The story that Duke Petar Bojović was a victim of torture by the new communist authorities near the end of his life is quite widespread and often appears in the domestic media on the eve of the anniversary of the duke's death. Still, is there any evidence for her? And, what is the background of the whole event?
Petar Bojović is another legend from Serbian heroic history. He started his career as a cavalry officer, but with the acquisition of circumstances at the beginning of the 20th century, he joined the infantry. He was the best in the 12th class of the Artillery School of the Military Academy. When his military career took an upward trajectory, he spent most of his time during the wars at the headquarters of the Supreme Command. During the First Balkan War, Bojović stood out the most during the Battle of Kumanovo and Bitola, after which he received the rank of general. After the end of the First Balkan War, at his suggestion, and with the support of Duke Putnik, an alliance was made with Greece, as a counterbalance to the danger that was coming from Bulgaria at the time. In the Second Balkan War, he was the Chief of Staff of the First Army, which won the battle of Bregalnica.
Petar Bojović was a lot of things - a soldier who did not want to get involved in politics, a military leader who did not leave his warriors, a man attached to his family, strict towards everyone, and most of all towards himself, a forgotten hero ... received the rank of duke, was the last to whom this honor was bestowed, and the youngest. Yet in recent years the duke has been most frequently mentioned in connection with the circumstances of his death. According to a story published by local media for years, Petar Bojović became a victim of the new communist authorities and died as a result of the mental and physical torture he suffered after being deprived of his liberty. Is there any truth in this? What does the evidence say and - what is the background of the whole story?
Today, the most valuable direct and authentic historical source regarding the events surrounding Duke Petar Bojović during the Second World War, as well as the circumstances of his death and burial, is the extremely valuable and detailed video testimony of Kosta Rakić, a longtime servant at the Bojović home and later family friend. which was created on January 24, 2018 - says Serbian historian Dejan Ristic and adds that this precious testimony, some 60 minutes long, is an extraordinary and first-class historical source that eliminates possible dilemmas regarding the duke and the relationship with him. Thanks to Rakić's story, we know today that Duke Bojović spent the entire Second World War in his house in Trnska Street in Vračar, partly in some kind of voluntary self-isolation. Namely, after he refused to publicly supported the occupying authorities, a kind of "agreement" was concluded between him and the Germans a German soldier will never cross the threshold of Bojović's home, as long as the duke adheres not to leave his house and the garden around it during the entire duration of the occupation.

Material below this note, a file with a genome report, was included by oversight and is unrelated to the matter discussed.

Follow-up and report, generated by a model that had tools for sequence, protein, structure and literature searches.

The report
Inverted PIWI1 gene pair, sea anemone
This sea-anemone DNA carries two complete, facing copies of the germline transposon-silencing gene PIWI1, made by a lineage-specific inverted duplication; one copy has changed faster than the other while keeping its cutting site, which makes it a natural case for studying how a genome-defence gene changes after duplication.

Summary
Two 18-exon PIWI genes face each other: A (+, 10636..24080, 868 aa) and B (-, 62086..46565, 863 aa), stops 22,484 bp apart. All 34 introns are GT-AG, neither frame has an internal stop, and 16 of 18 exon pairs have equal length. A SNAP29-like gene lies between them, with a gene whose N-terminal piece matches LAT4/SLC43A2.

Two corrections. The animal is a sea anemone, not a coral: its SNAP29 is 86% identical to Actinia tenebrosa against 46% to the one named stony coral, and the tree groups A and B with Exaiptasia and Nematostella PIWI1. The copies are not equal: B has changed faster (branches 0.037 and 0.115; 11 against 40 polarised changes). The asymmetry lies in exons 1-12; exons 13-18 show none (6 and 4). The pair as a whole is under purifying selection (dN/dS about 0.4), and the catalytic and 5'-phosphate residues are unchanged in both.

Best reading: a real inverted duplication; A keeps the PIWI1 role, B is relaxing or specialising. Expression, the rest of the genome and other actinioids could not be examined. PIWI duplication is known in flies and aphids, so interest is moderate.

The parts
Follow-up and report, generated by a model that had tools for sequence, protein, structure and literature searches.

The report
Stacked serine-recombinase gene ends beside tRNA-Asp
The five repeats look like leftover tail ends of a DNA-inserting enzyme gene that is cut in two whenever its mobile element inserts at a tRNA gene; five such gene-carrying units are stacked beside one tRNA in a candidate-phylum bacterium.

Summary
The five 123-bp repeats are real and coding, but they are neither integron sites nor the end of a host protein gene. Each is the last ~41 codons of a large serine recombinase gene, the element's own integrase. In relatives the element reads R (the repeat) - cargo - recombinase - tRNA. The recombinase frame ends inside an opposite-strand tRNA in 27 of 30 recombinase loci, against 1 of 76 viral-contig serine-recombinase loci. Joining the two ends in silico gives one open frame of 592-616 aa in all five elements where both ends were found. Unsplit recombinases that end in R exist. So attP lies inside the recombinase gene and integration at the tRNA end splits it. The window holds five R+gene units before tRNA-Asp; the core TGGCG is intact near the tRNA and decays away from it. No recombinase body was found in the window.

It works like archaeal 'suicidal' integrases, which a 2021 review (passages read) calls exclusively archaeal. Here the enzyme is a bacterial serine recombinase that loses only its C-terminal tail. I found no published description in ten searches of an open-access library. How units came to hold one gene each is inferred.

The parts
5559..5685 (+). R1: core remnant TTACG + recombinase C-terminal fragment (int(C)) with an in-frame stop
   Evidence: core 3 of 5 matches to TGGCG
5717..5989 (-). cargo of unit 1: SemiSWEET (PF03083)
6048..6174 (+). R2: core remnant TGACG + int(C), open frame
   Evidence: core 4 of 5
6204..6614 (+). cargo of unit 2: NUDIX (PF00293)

In his home, Petar Bojović welcomed the liberation of Belgrade on October 20, 1944 and the arrival of the new authorities. Shortly afterwards, he was summoned to testify and the proceedings lasted a full three days. - This act, completely inappropriate and inadmissible when it comes to a truly great and patriotic such as Duke Bojović, was a humiliating and shameful act in relation to the old, victorious and glorious military leader who was then 87 years old. However, according to Kosta Rakić, "Duke Bojović was interrogated for three days, but no one beat him." Moreover, Rakić clearly and unequivocally rejects the slightest thought of any physical or psychological abuse of Bojović during the three-day interrogation and emphasizes that there were no visible traces of any beatings on the duke, and that he never said that he was the subject of any form of ill-treatment and inappropriate treatment that would include violence against him - Ristic explains, recalling that a full two months passed between the interrogation and the day of Petar Bojovic's death and that the two events could not be directly related.